Forest fragmentation limits movement of individuals, and even highly mobile species, like birds, can fail to disperse across such landscapes. The naturally fragmented forests of the northern Great Basin are thought to have led to the evolution of unique species. Other species in these forests may also exhibit unique genetic diversity. The Northern Goshawk, a species occupying these forests, has shown low integration between geographically dispersed populations elsewhere in its range. We evaluated genetic diversity and connectivity of the goshawks in the northern Great Basin by extracting mitochondrial DNA and placing the birds in biogeographical context of other populations in the West. We utilized blood and feather samples from nestling and adult birds from five forest islands in south-central Idaho, as well as, the Owyhee Mountains in South West Idaho and Malheur National Forest in Eastern Oregon to compare mitochondrial DNA sequences among individuals. Our work provides a continuation of understanding the genetic ecology of Goshawks in the northern Great Basin, and the genetic health and integration of these birds compared with other populations.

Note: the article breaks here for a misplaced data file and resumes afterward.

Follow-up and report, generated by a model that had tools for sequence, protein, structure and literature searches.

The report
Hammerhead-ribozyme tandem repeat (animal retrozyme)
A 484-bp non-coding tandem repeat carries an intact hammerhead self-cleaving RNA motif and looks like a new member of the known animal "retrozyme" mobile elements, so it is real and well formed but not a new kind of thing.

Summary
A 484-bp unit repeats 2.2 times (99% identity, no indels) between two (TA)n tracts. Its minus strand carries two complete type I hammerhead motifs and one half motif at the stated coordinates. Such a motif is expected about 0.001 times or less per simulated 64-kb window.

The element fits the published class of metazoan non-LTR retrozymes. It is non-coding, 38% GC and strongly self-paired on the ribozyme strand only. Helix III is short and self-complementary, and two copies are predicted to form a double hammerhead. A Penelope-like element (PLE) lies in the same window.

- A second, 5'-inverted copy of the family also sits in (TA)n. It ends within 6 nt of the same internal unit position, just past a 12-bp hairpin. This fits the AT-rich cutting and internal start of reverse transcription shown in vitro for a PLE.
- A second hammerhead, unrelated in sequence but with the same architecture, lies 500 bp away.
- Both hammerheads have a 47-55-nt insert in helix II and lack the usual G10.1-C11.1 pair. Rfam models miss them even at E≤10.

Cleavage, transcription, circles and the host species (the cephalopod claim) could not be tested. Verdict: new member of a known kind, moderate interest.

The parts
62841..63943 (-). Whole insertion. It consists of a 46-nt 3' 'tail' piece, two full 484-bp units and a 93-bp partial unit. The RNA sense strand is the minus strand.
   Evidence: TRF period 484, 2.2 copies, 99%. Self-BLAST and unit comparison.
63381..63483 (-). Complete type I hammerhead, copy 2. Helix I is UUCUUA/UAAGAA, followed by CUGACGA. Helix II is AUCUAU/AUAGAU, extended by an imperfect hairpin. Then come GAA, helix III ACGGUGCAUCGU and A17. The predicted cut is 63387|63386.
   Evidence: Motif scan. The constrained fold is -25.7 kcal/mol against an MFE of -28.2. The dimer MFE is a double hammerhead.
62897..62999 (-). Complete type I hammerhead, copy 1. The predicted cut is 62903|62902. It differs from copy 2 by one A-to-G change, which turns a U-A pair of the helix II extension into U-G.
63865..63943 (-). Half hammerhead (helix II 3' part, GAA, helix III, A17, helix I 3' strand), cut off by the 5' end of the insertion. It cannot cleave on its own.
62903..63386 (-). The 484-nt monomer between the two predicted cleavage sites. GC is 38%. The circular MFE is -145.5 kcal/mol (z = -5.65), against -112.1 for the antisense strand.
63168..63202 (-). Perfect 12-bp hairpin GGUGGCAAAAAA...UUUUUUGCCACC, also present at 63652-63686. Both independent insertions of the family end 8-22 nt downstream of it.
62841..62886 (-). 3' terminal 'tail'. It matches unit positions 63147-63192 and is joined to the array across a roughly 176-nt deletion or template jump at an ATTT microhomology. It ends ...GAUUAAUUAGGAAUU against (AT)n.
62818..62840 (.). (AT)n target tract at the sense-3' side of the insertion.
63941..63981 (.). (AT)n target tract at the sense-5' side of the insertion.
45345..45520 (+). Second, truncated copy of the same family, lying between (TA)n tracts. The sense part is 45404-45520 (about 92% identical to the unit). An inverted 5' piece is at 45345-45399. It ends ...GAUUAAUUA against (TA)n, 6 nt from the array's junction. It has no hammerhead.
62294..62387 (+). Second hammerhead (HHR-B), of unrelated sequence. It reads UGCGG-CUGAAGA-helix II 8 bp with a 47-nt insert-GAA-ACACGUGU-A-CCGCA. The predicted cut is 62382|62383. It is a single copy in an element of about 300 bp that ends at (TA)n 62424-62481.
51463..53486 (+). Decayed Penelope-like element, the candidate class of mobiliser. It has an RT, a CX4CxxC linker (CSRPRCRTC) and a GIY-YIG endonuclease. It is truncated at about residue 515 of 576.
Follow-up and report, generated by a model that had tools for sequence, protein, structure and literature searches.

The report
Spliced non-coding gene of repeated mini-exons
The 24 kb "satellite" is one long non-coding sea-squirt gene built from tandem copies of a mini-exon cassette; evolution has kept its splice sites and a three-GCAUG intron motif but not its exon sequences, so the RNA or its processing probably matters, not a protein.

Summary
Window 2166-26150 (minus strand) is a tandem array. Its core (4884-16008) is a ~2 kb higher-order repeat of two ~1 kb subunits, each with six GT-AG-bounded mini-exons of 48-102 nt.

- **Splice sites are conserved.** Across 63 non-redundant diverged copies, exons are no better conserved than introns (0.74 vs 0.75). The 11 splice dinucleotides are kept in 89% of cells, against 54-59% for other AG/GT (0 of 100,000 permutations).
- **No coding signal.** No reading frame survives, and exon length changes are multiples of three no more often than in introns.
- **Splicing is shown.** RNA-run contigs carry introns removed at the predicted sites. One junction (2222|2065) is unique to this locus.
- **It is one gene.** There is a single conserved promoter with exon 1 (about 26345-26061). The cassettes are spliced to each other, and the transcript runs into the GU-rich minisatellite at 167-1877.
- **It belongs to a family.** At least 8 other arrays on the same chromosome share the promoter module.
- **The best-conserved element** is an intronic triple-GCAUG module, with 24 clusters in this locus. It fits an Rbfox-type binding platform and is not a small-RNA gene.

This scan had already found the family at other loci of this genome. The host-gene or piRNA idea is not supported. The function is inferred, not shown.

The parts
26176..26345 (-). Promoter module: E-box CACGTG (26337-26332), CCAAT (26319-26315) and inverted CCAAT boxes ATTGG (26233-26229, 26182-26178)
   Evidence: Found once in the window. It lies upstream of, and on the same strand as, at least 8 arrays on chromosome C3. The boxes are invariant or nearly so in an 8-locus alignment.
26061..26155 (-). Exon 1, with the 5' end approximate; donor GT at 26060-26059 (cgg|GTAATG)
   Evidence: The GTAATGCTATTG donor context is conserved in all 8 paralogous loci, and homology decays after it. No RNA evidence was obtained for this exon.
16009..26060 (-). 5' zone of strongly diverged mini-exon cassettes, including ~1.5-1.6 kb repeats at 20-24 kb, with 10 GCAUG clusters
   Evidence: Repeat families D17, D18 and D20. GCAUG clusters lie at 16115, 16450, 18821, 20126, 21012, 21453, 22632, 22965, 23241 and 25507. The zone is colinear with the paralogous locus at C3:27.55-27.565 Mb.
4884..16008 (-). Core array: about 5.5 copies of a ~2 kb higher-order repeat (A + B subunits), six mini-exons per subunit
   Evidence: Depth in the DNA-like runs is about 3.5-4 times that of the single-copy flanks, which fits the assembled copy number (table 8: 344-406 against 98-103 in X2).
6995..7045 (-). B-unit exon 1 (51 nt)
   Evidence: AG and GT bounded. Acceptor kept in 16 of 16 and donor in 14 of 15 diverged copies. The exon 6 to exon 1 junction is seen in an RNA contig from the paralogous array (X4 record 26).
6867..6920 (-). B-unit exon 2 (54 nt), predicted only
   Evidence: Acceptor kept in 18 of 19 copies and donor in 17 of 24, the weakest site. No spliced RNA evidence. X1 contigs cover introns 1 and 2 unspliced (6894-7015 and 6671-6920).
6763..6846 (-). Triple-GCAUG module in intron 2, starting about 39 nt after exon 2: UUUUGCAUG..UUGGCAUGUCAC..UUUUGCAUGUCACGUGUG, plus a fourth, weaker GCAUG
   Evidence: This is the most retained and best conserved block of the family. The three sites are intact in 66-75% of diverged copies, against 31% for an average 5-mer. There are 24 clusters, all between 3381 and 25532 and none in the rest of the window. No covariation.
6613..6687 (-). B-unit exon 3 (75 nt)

Available at: http://works.bepress.com/jay_carlisle/27/